We Can Rebuild it. We Have the Technology.
These are the facts. Environmentalism isn’t about living with less or shutting down progress, it’s about living a better, more responsible and satisfying life. And it’s even profitable! We need to change the ideology and the rhetoric and we have the tools. The easiest way we can change this culture is by talking about it. Share your ideas and feelings with friends and family. Tell your local politicians. Tell anyone who will listen! It’s easy and have the perfect platform: Social Media. The internet made the Occupy Movement a serious force and made the 99% a part of daily vernacular. Twitter helped young people organize the Arab Spring movement, promoting protest in dozens of Middle Eastern nations and even forcing five leaders from power. Let’s add an environmental revolution to that list.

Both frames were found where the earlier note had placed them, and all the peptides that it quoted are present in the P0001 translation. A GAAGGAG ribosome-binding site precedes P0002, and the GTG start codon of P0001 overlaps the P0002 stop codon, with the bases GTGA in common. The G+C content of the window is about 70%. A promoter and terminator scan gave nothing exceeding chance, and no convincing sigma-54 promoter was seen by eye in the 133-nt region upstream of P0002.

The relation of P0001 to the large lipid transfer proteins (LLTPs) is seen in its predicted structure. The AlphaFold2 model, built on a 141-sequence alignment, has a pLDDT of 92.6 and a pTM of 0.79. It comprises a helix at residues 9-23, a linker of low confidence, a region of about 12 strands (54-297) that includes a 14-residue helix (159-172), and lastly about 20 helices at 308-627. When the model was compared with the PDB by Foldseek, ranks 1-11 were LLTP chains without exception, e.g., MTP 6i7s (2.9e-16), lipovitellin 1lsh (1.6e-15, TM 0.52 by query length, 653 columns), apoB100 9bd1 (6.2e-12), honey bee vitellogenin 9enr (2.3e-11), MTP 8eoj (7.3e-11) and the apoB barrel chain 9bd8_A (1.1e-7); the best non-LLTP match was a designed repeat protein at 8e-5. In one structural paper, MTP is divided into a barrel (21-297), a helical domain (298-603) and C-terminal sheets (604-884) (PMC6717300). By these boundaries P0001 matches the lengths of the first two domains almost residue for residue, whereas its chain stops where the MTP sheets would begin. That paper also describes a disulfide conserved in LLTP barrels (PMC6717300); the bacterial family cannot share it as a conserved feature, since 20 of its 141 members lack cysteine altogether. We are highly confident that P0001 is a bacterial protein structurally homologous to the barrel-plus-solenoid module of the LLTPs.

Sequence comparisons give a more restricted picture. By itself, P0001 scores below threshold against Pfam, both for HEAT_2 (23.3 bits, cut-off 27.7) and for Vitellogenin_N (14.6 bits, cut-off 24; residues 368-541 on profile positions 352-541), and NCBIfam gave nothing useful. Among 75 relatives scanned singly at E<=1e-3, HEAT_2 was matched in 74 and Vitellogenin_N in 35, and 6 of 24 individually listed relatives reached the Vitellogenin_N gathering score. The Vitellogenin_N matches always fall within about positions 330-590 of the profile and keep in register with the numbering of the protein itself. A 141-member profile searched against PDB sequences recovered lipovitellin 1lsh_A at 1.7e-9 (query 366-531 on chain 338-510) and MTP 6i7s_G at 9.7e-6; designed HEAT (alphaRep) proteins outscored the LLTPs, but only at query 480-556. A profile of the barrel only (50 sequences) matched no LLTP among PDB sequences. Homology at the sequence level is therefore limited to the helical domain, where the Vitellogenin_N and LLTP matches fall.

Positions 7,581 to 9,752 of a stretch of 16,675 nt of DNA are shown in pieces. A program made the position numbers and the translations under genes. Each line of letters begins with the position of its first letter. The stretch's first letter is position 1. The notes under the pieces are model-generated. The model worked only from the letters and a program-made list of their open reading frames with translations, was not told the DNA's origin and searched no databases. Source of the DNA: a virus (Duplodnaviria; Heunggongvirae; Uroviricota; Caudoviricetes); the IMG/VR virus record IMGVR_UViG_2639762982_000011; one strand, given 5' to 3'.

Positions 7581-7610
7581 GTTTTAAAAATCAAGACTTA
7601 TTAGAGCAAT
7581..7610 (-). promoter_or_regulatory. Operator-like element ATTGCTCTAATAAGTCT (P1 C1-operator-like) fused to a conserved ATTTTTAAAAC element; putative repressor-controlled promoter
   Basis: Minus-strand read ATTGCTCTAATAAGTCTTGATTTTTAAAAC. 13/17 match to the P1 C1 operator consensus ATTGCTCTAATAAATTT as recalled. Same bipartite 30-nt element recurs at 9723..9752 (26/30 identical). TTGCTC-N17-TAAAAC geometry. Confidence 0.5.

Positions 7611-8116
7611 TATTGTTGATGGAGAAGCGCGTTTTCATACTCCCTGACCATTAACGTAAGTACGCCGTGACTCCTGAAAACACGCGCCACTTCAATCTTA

We can do more and we can do better. The new environmental movement is primed and ready. So use your voice, vote with your wallet, involve the Earth in more of your everyday choices, and let’s get this movement moving!
Alex Mendenall Environmentalist/Activist B.A. Anthropology Michigan State University